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Operation Unified Protector over Libya in 2011 highlighted the critical shortage in European AAR and ISR assets, which to some extent limited the scope of the combat air campaign. It also brought home Europe’s continuing reliance on the US (which currently comprises some 90 per cent AAR capability) for air-power enablers.
According to current procurement plans, European nations will field around 100 tankers by 2025 which constitutes less than 40 per cent of the NATO requirement. European procurement programmes will rectify some of the shortfall in AT/AAR but platform numbers alone will not be sufficient for Europe to have a truly standalone capability.
There have been a number of ‘smart defence’ and pooling-and-sharing initiatives in the Air Transport (AT) space, including the Movement Coordination Centre Europe (MCCE), European Air Transport Command (EATC), Strategic Airlift Capability (SAC) and the Strategic AirLift Interim Solution (SALIS). Set up in between 2006 and 2010, these were designed to ease Europe’s AT capability gap – particularly in support of NATO’s ISAF mission in Afghanistan. However, as NATO withdraws from Afghanistan and looks to future contingency requirements, initiatives such as these might be expanded to help pool and manage the collective AAR capability.
This paper examines the European requirements for air transport and air-to-air refuelling (AT/AAR) in the future operating environment. The paper does not attempt to assess the peacetime requirements, but focuses instead on Europe’s ability to surge, particularly in terms of AAR during a time of crisis and therefore high demand. While the paper seeks to address the broader European questions, the authors have taken UK examples to examine how the community might evolve in the future. The paper is designed to promote debate ahead of the NATO summit in September and to raise awareness of this important enabling capability.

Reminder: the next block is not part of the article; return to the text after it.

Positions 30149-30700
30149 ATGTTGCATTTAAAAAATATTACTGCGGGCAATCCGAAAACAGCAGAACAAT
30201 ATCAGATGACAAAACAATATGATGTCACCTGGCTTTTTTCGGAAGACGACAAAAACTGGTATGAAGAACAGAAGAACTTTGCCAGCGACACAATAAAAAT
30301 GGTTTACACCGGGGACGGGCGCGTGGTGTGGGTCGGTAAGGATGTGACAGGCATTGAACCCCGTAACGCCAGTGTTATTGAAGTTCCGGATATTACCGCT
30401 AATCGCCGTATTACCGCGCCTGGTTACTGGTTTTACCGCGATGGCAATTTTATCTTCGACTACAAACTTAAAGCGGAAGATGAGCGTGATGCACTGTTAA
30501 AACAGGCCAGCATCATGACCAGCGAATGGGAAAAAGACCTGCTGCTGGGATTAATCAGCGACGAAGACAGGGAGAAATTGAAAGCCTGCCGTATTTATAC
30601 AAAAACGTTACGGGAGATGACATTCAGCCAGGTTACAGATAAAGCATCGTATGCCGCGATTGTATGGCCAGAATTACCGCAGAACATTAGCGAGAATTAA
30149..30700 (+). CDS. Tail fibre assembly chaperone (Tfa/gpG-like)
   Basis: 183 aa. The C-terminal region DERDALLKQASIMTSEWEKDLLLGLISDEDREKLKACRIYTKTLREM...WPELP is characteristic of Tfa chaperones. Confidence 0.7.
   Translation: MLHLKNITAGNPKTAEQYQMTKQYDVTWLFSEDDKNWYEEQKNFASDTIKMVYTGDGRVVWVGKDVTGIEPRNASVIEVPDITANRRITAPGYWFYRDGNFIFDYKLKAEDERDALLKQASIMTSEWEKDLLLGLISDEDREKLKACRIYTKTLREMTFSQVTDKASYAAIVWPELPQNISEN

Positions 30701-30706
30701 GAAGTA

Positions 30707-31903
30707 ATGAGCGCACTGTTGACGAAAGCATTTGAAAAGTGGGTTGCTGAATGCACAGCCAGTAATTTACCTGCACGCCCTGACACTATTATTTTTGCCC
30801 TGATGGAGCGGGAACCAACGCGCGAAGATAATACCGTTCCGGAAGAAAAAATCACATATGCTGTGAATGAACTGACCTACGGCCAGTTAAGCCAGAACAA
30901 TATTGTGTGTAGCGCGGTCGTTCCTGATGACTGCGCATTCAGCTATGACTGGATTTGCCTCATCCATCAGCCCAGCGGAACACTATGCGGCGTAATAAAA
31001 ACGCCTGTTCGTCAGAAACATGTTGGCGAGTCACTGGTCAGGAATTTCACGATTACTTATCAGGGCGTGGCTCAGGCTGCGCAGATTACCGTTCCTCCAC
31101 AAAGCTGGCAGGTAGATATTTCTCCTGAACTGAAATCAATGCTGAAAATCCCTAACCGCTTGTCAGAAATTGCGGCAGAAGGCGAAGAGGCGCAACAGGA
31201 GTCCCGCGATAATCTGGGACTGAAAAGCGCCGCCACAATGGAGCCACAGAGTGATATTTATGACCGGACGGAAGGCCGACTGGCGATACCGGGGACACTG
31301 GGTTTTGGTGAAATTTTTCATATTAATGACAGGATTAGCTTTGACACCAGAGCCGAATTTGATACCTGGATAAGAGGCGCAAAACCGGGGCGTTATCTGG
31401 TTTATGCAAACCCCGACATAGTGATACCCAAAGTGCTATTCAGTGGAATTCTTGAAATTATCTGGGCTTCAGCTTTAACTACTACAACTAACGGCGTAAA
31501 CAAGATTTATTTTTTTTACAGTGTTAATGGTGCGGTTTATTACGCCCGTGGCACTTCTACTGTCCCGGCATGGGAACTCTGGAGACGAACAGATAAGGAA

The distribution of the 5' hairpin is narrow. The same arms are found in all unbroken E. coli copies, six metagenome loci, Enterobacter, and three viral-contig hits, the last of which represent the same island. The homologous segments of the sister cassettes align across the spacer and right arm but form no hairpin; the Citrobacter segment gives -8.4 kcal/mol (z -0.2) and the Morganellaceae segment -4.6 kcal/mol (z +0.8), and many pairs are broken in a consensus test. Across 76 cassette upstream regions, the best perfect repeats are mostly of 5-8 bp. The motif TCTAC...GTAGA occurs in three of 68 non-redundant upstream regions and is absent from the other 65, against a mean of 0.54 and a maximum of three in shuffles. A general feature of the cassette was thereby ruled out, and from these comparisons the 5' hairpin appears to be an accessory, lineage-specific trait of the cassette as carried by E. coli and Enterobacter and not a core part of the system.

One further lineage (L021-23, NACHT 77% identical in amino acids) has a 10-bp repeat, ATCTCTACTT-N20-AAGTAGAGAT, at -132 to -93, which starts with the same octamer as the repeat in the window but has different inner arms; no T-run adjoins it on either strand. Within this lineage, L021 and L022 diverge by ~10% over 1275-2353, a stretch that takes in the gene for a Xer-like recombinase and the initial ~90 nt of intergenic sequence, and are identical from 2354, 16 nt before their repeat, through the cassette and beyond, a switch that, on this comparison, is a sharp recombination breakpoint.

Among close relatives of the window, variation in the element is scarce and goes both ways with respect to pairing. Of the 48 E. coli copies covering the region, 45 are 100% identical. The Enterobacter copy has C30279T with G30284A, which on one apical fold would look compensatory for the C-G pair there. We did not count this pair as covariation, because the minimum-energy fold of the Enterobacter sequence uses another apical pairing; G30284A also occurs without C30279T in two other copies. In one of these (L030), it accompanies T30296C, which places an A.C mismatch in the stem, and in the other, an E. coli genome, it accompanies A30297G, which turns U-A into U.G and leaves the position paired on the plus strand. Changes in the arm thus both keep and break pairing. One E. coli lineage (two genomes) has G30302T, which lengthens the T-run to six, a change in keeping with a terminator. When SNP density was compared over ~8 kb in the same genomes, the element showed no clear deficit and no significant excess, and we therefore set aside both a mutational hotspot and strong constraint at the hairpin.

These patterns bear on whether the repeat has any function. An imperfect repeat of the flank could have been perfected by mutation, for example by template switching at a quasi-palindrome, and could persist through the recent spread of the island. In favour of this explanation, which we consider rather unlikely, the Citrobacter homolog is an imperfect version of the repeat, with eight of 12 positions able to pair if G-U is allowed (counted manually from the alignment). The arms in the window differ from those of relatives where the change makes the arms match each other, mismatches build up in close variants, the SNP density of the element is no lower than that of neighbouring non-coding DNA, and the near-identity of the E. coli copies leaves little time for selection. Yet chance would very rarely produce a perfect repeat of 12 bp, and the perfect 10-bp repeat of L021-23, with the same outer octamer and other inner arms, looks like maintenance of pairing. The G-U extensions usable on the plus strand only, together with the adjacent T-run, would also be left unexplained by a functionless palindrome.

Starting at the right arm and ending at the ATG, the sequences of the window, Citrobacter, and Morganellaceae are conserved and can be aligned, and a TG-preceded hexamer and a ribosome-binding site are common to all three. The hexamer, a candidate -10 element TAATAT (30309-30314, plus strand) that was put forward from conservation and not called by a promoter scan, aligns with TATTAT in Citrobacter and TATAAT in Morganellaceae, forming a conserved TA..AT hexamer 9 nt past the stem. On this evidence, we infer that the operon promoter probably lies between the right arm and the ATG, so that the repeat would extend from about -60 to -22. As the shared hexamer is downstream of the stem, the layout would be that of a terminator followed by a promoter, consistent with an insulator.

About the Authors
Elizabeth Quintana is Director of RUSI’s Military Sciences Department and also runs the Air Power and Technology programme, looking specifically at the future of air power for UK and for NATO at a time of increasing commitments and decreasing resources. The programme also explores the doctrinal, strategic and ethical implications of emerging technologies. She is responsible for conducting research, writing articles and organising events related to these topics.
Dr Henrik Heidenkamp is a Research Fellow in the RUSI Defence, Industries and Society Programme. His current research interests are the role of the private sector in defence, national and international defence management approaches and contemporary aspects of European and international security and defence policy.
Michael Codner is a Senior Research Fellow in Military Sciences and Editorial Director of RUSI Defence Systems. Until 2013, he was the Director of the Military Sciences Department at RUSI. He researches a range of subjects from defence policy, strategic theory and doctrine, to defence management, future concepts and the application of technology to military capability.